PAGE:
Ex-governor of Idaho sues feds seeking info on nuclear fuel proposal

KEITH RIDLER, Associated Press
FILE - In this May 11, 2015, file photo, nuclear waste is stored in underground containers at the Idaho National Laboratory near Idaho Falls, Idaho. Former Idaho Gov. Cecil Andrus on Tuesday, Sept. 29, 2015, filed a federal lawsuit seeking to force the U.S. Department of Energy to release information about proposed shipments of commercial spent nuclear fuel to the eastern Idaho facility. The lawsuit in U.S. District Court in Boise contends the federal agency is failing to comply with Freedom of Information Act requirements. (AP Photo/Keith Ridler, File)
Copyright 2015, The Associated Press

BOISE, Idaho (AP) — A former Idaho governor has filed a federal lawsuit seeking to force the U.S. Department of Energy to release information about proposed shipments of spent commercial nuclear fuel to an Idaho facility.

The lawsuit filed Tuesday in U.S. District Court in Boise contends the federal agency is failing to comply with Freedom of Information Act requirements.

"It is clear that the federal government is withholding information from the people of Idaho that will allow all of us to more completely assess what they have in mind in both the short and long term with regard to commercial spent fuel coming to Idaho," former Gov. Cecil Andrus said in a statement.

Andrus, a Democrat, and former Gov. Phil Batt, a Republican, both fought commercial nuclear waste shipments during their terms. Their efforts culminated with a 1995 agreement that bans commercial nuclear waste shipments and requires cleanup of nuclear waste stored at the laboratory.

Andrus said the federal agency replied to his previous request for information with dozens of redacted pages. The agency responding to inquiries by The Associated Press on Tuesday said it doesn't comment on pending litigation.

The possible nuclear waste shipments to the Idaho National Laboratory in eastern Idaho first became public in January. In a letter that month to U.S. Energy Secretary Ernest Moniz, Idaho Gov. C.L. "Butch" Otter and state Attorney General Lawrence Wasden agreed to a waiver of the 1995 agreement that would allow two shipments, each with 25 spent commercial nuclear fuel rods, into Idaho for research.

Otter noted the deal would bring as much as $20 million a year for the next five years to the state.

The lawsuit filed by Andrus contends that the Department of Energy plans to ship tons of nuclear waste to Idaho rather than just the 50 fuel rods publicly disclosed. The Idaho National Laboratory sits atop one of the state's largest aquifers, and Andrus has repeatedly said the nuclear waste poses a threat to communities and agricultural interests that rely on the aquifer.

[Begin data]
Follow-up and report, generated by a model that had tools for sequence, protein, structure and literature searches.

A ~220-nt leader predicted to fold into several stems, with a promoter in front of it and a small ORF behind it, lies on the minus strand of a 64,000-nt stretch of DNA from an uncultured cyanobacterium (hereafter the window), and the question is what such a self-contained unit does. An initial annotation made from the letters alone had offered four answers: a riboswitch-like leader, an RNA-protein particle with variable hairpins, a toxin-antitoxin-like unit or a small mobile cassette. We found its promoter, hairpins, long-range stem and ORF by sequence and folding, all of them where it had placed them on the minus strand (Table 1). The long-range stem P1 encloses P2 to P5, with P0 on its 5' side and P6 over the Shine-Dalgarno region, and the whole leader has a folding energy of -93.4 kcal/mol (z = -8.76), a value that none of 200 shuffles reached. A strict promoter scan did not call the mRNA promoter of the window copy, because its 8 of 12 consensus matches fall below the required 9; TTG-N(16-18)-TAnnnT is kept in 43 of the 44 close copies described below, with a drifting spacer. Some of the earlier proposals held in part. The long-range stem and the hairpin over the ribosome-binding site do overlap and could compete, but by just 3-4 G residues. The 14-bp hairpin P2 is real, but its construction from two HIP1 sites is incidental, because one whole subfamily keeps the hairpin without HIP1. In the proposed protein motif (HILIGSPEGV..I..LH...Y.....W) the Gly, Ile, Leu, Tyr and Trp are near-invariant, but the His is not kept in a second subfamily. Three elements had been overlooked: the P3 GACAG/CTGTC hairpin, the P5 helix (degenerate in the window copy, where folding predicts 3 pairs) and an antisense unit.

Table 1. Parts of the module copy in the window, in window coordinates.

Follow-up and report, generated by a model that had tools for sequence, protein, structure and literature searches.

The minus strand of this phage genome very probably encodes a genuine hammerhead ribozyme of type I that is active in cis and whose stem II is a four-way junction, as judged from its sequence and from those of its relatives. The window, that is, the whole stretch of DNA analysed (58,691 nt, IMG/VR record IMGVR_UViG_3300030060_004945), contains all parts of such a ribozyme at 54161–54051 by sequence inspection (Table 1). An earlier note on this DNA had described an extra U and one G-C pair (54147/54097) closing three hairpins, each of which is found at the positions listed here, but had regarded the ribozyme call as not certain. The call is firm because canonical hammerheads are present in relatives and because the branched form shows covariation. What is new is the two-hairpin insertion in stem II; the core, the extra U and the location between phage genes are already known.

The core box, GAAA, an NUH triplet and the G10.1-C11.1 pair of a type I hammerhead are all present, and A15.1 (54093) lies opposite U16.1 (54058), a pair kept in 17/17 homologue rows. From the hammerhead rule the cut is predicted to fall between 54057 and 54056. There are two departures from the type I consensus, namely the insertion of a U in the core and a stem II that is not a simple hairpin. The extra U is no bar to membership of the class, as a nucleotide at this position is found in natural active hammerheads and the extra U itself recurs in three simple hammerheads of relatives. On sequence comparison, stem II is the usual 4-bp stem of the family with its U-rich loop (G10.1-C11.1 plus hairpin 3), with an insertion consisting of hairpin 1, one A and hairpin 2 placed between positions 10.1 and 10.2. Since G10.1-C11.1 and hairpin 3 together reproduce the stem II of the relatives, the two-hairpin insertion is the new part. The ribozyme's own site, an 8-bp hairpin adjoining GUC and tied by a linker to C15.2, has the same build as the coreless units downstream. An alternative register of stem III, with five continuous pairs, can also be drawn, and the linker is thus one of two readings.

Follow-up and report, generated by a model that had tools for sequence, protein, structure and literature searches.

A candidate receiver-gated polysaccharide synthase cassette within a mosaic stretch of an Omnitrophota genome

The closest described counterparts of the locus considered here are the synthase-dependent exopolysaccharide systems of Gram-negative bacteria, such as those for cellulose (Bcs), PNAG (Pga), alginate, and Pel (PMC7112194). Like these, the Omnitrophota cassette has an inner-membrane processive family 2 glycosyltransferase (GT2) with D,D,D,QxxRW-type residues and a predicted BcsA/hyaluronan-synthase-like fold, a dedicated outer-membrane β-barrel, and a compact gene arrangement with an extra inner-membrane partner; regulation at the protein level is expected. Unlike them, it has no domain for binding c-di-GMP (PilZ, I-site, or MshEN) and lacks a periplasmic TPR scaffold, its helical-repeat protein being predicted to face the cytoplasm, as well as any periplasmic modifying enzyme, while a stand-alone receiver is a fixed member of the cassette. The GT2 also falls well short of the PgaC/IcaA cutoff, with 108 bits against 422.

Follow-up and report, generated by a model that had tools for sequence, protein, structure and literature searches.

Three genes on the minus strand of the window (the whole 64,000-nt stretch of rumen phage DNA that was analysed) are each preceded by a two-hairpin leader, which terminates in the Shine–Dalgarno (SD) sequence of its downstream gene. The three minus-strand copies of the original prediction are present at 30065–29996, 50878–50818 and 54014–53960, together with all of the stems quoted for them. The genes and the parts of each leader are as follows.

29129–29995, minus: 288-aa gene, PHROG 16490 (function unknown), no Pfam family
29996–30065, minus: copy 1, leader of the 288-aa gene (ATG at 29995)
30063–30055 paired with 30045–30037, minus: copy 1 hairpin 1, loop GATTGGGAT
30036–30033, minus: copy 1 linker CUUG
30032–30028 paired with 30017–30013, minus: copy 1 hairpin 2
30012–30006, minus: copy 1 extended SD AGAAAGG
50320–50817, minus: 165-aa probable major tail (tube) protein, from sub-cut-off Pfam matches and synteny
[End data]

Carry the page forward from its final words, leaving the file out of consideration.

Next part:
The spent nuclear fuel shipments at the moment aren't being allowed into the state because the Department of Energy is in violation of its 1995 agreement because of malfunctions with a $571 million facility that are causing delays in turning 900,000 gallons of liquid waste into a solid form.

"I'm prepared today to grant the Department of Energy a one-time, conditional waiver to bring in the spent fuel if the agency can show me the Integrated Waste Treatment Unit is up and running and processing the liquid waste," Wasden said in a statement to The Associated Press on Tuesday.

Wasden has previously said allowing in the spent fuel rods for research would give the federal agency incentive to clean up nuclear waste already at the site.

Scientists at the Idaho National Laboratory say they can safely handle the two shipments of fuel rods and it's not the start of turning the state into a nuclear waste dump. Officials are also concerned that if the spent fuel goes elsewhere, the lab could lose its status as one of the nation's top nuclear research facilities.

On that front, Idaho Department of Commerce Director Jeff Sayer in a letter to Otter in early August said the federal agency planned to send a 2016 shipment elsewhere if it didn't receive approval to enter the state within two months. If accurate, that would put the approval deadline in early October.

The federal agency didn't immediately respond on Tuesday to an email from the AP seeking to confirm Sayer's statements.

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